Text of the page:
For horror movie fans and collectors, there is some good news as actress Jamie Lee Curtis’ house from the original 1978 ‘Halloween’ film is now up for sale, and is nearly reaching the $2 million point, having so far been priced for $1.8 million.
The house is the original place where Curtis’ character from the movie, Laurie Strode, lived in the fictional area of Haddonfield, in the state of Illinois. In the iconic horror-slasher film, the house is glimpsed in the background in a scene in which Curtis sat on a front garden wall, holding a pumpkin on her lap.
Talking to People, Heidi Babcock of eXp Realty revealed that currently the house is priced over $1.8 million and will soon go up to $2 million, which is a highly exorbitant sum, given that despite its significance to pop culture, the house is similar to any standard American house.
Back in 2022, giving an essay to People, Curtis had detailed in length about her time in the ‘Halloween’ film franchise, and how it finally ended with ‘Halloween Ends’, which released in October.
"For 44 years, I have tried to figure out why and how the confluence of a young girl (Laurie Strode) and a monster (Michael Myers) came together in the 13 films titled Halloween," she wrote.
"And this month, as I play Laurie for the last time, in Halloween Ends, the final installment of the franchise, I am trying to figure out how to say goodbye to Laurie, who has taught me the meaning of the words 'resilience,' 'loyalty,' 'perseverance' and 'COURAGE.' "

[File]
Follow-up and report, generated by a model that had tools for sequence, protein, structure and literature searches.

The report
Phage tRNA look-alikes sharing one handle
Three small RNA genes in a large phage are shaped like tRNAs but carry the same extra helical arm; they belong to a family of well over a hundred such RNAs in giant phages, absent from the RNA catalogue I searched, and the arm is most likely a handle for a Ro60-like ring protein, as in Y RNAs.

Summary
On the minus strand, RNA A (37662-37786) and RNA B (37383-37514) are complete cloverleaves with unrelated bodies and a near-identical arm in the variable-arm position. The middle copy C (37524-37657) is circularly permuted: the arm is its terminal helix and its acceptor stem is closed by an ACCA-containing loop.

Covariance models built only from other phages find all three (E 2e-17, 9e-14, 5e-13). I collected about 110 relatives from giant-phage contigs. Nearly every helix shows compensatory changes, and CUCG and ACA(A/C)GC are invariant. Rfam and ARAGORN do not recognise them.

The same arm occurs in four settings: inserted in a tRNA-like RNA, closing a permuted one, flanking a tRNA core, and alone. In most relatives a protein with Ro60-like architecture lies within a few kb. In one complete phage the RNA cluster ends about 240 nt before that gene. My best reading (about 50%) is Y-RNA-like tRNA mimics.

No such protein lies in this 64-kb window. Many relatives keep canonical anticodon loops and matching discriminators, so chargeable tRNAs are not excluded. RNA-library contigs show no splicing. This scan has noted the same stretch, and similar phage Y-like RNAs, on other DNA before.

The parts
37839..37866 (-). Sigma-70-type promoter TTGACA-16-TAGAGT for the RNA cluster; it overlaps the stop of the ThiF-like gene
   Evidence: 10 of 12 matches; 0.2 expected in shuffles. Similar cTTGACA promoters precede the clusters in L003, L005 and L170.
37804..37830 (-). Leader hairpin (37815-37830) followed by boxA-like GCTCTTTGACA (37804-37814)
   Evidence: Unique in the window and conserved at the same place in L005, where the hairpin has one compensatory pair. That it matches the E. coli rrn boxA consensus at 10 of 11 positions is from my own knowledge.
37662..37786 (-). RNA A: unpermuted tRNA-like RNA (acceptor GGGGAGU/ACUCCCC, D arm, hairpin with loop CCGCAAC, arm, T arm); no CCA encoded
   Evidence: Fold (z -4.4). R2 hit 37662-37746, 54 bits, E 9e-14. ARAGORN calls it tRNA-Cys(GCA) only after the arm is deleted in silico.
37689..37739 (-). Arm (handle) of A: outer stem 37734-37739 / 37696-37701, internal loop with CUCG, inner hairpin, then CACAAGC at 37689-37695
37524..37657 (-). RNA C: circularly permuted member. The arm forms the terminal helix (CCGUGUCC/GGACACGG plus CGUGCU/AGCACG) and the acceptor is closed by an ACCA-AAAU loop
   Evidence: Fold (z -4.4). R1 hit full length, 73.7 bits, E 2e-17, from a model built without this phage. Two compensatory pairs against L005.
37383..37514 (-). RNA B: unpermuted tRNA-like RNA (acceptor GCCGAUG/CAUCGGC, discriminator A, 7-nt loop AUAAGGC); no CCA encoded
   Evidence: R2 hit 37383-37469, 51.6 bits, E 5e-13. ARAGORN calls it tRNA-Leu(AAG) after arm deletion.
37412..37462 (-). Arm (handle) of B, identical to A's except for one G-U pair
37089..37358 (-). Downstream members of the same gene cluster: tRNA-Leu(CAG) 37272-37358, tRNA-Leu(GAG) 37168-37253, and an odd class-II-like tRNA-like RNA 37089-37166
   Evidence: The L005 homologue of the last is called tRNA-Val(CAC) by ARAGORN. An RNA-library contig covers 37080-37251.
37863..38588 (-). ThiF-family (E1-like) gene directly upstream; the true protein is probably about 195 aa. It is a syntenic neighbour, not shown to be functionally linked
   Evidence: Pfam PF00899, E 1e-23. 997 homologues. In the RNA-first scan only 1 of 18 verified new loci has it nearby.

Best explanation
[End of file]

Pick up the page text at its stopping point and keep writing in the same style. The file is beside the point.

Talking about her time in the franchise, she wrote: "I was with the writer of the original ‘Halloween’ when I saw my husband of 37 years for the first time," she recalled in the essay.
"Debra Hill and I were on my couch in West Hollywood in 1984. I opened up an issue of Rolling Stone, saw Christopher Guest in a Spinal Tap story and said, 'I'm gonna marry that guy.' (I did, six months later.)"
Curtis also expressed just how much the character of Laurie has impacted and inspired her own life. "I can't tell you why Laurie Strode became O.G. Final Girl. I assume it has something to do with her intelligence and strength of character, quick mind and profound bravery," she wrote.
"I have tried over the years to inculcate those aspects of Laurie's character into my own, to carry that mantle and represent survivors of all types of unimaginable horror and trauma, pain and suffering, who stand up to tyranny and oppression — real and imagined."
She concluded her essay, "Life is scary. But Laurie taught me that life can also be beautiful, filled with love and art and life!"